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Guatemala has a long history of producing coffee, and it continues to be a leader in the coffee industry. The country not only grows a lot of coffee — it was the tenth-highest coffee-producing country in 2015 — but much of the coffee grown in Guatemala is excellent, even by specialty-grade standards.

Coffee Was Brought to Guatemala for Decoration

Coffee trees were originally brought to Guatemala by Jesuit missionaries in the mid-1700s as ornamental plants. It wasn’t until the mid-1800s, when the invention of synthetic dyes devastated Guatemala’s indigo and cochineal dye industries, that the country began growing coffee commercially on a sizeable scale. By 1880, 90 percent of Guatemala’s exports were coffee.

Guatemala Has a Reputation for Growing High-Quality Coffee

Aside from 1940, when exports were suspended due to World War II, coffee has remained Guatemala’s largest export. The country today is particularly known for its specialty-grade coffee. Although the country ranked tenth in the world in total coffee production in 2015, it often is second (behind Colombia) in production of high-grade coffee.

The Asociación Nacional Del Café (ANACAFE) ensures that the coffee exported by Guatemala continues to meet the country’s high standards. Coffees are graded according to two systems. One designates the elevation the coffee was grown at, with strictly hard bean (SHB) being the highest grade in this system. The other system doesn’t denote quality but rather ensures that a regionally named coffee, such as Guatemala Antigua or Guatemala Huehuetenango, is consistent with the appropriate region’s flavor profile. If a coffee’s flavor profile isn’t consistent with the region’s normal profile, it can still be designated SHB or another grade — but it can’t be marketed as a regional coffee.

Traditional Varietals Are Grown in Guatemala

Many of the coffees grown in Guatemala are known for their complexity, which is partly due to the varietals that are grown. While there are some different and unique varietals grown throughout the country, most farmers have old, traditional varietals. Bourbon and Typica, which are the two original coffee varietals, are found on many farms. Geisha, which is an heirloom varietal originally from Ethiopia, has also been gaining popularity in the past decade.

Guatemala Has Eight Growing Regions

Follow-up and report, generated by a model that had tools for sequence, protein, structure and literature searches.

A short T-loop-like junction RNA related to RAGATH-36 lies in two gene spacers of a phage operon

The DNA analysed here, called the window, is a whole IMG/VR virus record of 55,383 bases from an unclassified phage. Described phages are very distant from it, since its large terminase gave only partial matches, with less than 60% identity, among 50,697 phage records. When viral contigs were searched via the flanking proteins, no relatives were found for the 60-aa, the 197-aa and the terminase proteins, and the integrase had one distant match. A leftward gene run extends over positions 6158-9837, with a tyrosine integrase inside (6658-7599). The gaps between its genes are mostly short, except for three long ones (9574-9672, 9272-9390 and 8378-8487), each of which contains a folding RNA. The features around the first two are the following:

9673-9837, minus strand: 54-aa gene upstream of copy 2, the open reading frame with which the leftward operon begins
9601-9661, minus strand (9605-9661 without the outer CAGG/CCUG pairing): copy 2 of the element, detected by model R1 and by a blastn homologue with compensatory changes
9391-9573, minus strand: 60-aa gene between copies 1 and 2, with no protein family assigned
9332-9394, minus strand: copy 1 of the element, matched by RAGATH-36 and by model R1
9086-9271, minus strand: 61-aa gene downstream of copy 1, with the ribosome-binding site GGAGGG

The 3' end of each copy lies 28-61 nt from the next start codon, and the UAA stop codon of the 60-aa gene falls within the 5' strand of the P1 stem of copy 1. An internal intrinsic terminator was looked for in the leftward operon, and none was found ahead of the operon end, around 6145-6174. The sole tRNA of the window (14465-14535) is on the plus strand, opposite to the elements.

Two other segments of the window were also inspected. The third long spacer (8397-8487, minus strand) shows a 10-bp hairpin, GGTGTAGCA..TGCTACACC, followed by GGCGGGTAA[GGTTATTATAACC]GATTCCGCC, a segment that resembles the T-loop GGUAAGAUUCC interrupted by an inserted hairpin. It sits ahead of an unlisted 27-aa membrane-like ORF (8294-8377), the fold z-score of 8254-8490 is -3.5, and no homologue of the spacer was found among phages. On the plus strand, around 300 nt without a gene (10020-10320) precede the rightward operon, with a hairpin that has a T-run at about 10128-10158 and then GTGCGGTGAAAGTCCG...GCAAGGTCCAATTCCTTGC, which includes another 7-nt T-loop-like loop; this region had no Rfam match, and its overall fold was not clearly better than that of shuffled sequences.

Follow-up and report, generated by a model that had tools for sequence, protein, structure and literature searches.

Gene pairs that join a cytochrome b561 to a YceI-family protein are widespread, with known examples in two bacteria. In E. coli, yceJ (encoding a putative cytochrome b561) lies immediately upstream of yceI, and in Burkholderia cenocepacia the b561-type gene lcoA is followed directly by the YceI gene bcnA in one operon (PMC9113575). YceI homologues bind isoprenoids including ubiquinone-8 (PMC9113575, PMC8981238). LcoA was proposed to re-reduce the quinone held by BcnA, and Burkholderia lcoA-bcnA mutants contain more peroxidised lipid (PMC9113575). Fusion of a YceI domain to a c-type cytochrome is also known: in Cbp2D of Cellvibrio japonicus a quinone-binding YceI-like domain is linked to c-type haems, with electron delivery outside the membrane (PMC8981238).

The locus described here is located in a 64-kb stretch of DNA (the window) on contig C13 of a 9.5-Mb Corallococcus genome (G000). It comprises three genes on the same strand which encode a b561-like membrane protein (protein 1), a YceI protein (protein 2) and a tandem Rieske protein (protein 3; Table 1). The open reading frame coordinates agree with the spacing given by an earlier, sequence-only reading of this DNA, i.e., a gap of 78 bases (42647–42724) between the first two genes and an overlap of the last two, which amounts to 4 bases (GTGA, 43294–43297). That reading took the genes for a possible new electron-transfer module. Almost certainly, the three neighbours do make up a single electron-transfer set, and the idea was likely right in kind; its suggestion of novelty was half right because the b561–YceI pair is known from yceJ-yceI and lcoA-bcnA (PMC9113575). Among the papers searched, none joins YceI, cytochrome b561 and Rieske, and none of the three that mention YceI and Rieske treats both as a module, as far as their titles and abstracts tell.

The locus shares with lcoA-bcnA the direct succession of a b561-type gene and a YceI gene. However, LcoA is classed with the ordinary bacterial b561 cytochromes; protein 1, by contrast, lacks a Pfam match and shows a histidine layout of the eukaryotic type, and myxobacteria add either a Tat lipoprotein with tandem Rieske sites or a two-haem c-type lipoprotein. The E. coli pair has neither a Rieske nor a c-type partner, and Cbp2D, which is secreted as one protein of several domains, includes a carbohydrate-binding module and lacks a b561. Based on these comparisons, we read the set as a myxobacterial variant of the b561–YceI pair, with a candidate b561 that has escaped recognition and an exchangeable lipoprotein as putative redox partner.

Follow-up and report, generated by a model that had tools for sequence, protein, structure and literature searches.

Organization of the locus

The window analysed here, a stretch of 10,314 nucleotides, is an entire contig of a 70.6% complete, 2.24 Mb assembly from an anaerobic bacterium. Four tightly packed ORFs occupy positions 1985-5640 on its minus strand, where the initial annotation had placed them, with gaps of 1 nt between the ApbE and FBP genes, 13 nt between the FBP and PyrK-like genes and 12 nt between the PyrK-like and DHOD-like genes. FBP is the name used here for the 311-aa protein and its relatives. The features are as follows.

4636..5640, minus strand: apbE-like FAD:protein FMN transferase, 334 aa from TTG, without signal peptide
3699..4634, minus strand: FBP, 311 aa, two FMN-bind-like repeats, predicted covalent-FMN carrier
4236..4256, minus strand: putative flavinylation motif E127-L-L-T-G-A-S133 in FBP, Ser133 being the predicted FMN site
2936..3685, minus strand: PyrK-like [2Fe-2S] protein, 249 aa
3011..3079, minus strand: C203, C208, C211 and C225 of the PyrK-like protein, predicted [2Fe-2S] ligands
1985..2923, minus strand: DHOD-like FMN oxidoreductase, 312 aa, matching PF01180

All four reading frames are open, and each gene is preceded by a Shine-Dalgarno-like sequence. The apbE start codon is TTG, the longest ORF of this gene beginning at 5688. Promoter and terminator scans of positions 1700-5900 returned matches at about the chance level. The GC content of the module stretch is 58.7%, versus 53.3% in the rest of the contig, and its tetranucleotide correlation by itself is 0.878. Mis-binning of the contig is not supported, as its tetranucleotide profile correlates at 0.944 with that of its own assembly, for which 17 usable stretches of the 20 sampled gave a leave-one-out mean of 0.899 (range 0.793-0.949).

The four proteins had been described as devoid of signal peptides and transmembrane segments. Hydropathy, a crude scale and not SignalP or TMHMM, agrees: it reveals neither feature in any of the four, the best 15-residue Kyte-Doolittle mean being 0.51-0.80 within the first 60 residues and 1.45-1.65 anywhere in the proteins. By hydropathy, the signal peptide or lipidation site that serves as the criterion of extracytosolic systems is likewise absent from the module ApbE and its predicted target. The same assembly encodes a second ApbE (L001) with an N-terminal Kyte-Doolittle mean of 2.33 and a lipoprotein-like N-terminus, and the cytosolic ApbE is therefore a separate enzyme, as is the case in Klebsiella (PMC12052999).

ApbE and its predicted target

There are eight distinct growing regions in Guatemala:

  • Antigua, which has elevations between 1,300 and 1,600 meters and is surrounded by three volcanoes, one of which is active
  • Atitlan, which is named for Lake Atitlan, which is surrounded by volcanoes and provides cool night breezes that create unique microclimates
  • Fraijanes, which has elevations between 1,400 and 1,800 meters and is home to Guatemala’s most active volcano, Pacaya Volcano
  • Huehuetenango, which has elevations between 1,500 and 2,000 meters and is known for producing fruit-forward coffees
  • Nuevo Oriente, which is a lesser known region that has elevations between 1,300 and 1,700 meters
  • Coban, which has lower elevations of 1,300 to 1,500 meters and doesn’t have as much of a  pronounced dry season, which together lead to syrupy, deep flavor profiles
  • San Marcos, which has elevations between 1,300 and 1,800 meters and has a growing season that’s earlier than other regions

The Future Looks Bright for Guatemalan Coffee

Guatemala’s coffee industry should continue to do well in the foreseeable future. The country has a developed infrastructure for the industry, and its coffee is marketed globally. Right now, the country’s free from many of the challenges that other coffee-producing countries face.

Great Guatemalan Coffees

At Driftaway Coffee, we get coffees from all over the world, and we’ve had several excellent coffees from Guatemala. If you’re a fan of Guatemalan coffees, try our sample kit. Taste our four roast profiles, and we’ll send you Guatemalan and other coffees that are similar to what you like.

Scott

Scott

Scott is a professional writer for Driftaway Coffee. He worked as a barista for eight years, but today prefers to enjoy his beverages from the other side of the counter. When not drinking Driftaway Coffee, Scott usually has a mug of his own roasted coffee nearby.
Scott
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